On Dec. 20, Ed and Dorothy Congdon celebrated their 73rd wedding anniversary with a host of family and friends at The Gym.
Recently, Ed was talking with a friend about he and Dorothy’s marriage and said, “After 73 years, no one has ever been able to untie the knot. It’s a magic knot.”
This is such a fitting statement from a man who enjoys entertaining others with magic shows.
After being engaged only one day, and with Ed’s deployment pending, the Congdons did not have the time or money to have a wedding like they actually wanted.
They settled for being united in marriage in a chapel at Ft. McPherson in Atlanta.
The couple did have a honeymoon of three months before he was deployed overseas, fighting in the Pacific.
Ed flew C-46 troop carrier planes, and flew in and around the Philippines while deployed. After World War II and Korea, he made his career as both a commercial and corporate pilot. He returned home in March 1946.
Dorothy was a stay-at-home mother of three children and according to daughter, Cathy Congdon Guy, “She created a very loving and stable family atmosphere for the children.”
Life has definitely not been boring, and the Congdons continue to have many common interests including six grandchildren and 26 great-grandchildren, being active in square dance clubs and doing magic shows, church youth groups, and gym classes.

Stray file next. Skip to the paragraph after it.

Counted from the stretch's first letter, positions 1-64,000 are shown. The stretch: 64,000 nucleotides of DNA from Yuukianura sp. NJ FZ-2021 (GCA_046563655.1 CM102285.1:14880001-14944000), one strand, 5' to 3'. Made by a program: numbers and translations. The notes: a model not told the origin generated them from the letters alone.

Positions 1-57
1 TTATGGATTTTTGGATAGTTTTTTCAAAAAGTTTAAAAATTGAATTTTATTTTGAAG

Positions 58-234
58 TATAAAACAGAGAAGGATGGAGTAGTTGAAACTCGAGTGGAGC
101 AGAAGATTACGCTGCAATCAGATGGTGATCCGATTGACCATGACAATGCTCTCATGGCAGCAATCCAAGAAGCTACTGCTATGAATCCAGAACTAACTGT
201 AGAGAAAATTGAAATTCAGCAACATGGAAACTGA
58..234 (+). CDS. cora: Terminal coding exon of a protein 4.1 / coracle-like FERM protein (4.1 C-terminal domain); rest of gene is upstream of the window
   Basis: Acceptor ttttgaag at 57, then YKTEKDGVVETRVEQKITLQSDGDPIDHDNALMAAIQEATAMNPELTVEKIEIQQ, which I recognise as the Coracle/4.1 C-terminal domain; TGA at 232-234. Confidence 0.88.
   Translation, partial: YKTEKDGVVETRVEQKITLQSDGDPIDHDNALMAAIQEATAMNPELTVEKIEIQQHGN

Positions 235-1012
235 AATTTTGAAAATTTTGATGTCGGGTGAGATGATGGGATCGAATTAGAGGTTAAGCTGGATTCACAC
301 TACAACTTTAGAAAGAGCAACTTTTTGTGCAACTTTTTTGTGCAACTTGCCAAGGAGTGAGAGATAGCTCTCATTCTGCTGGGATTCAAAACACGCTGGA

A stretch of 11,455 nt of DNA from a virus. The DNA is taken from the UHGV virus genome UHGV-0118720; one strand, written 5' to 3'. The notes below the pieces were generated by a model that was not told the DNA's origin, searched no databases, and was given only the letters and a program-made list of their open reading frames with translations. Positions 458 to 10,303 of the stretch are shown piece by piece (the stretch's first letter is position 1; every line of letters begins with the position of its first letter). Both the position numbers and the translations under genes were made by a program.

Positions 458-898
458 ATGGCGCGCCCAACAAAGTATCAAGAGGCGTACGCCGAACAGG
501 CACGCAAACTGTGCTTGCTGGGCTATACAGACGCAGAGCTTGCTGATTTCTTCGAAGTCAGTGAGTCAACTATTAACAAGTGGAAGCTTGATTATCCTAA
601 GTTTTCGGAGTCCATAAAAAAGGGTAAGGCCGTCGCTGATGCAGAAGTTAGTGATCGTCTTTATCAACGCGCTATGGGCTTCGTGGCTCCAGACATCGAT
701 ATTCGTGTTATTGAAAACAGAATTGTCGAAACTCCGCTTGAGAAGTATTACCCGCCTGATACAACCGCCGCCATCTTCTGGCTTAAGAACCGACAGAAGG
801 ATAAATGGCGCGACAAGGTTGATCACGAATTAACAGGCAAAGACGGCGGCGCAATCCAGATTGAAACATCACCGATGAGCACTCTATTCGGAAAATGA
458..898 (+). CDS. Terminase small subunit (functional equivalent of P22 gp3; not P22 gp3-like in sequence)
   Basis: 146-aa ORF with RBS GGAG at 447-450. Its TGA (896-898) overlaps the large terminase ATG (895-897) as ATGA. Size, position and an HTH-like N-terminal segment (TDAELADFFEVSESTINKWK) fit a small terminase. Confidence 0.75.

Together they have built an airplane, a stagecoach, a camper, an ocean-going sailboat, along with a few houses. Both are ham radio operators, as well as pilots. They still enjoy flying their small, two-seater airplane.
Because they were not able to have a “real” wedding 73 years ago, it was arranged for the anniversary celebration to actually be a surprise wedding/renewal of vows for Ed and Dorothy.
The renewal of vows was officiated by Dan Boatman.
After renewing their vows, Ed kissed his bride, and yes, he wondered if would get to do that during the ceremony, the couple cut their wedding cake.
The Congdons admit the renewal of vows was a total surprise. In fact, at one point after the ceremony, Dorothy laughed and said, “I thought we were just going to eat cake.”
As the Congdons reflected on their long marriage, they spoke about both the good times and bad times they have been through, and Dorothy said she holds on to this motto, “It’s a privilege to be living, enjoy life as it comes.”
Ed mentioned that there will be trials and tribulations in a marriage, but followed up by saying, “Never go to sleep without telling your spouse you love them.”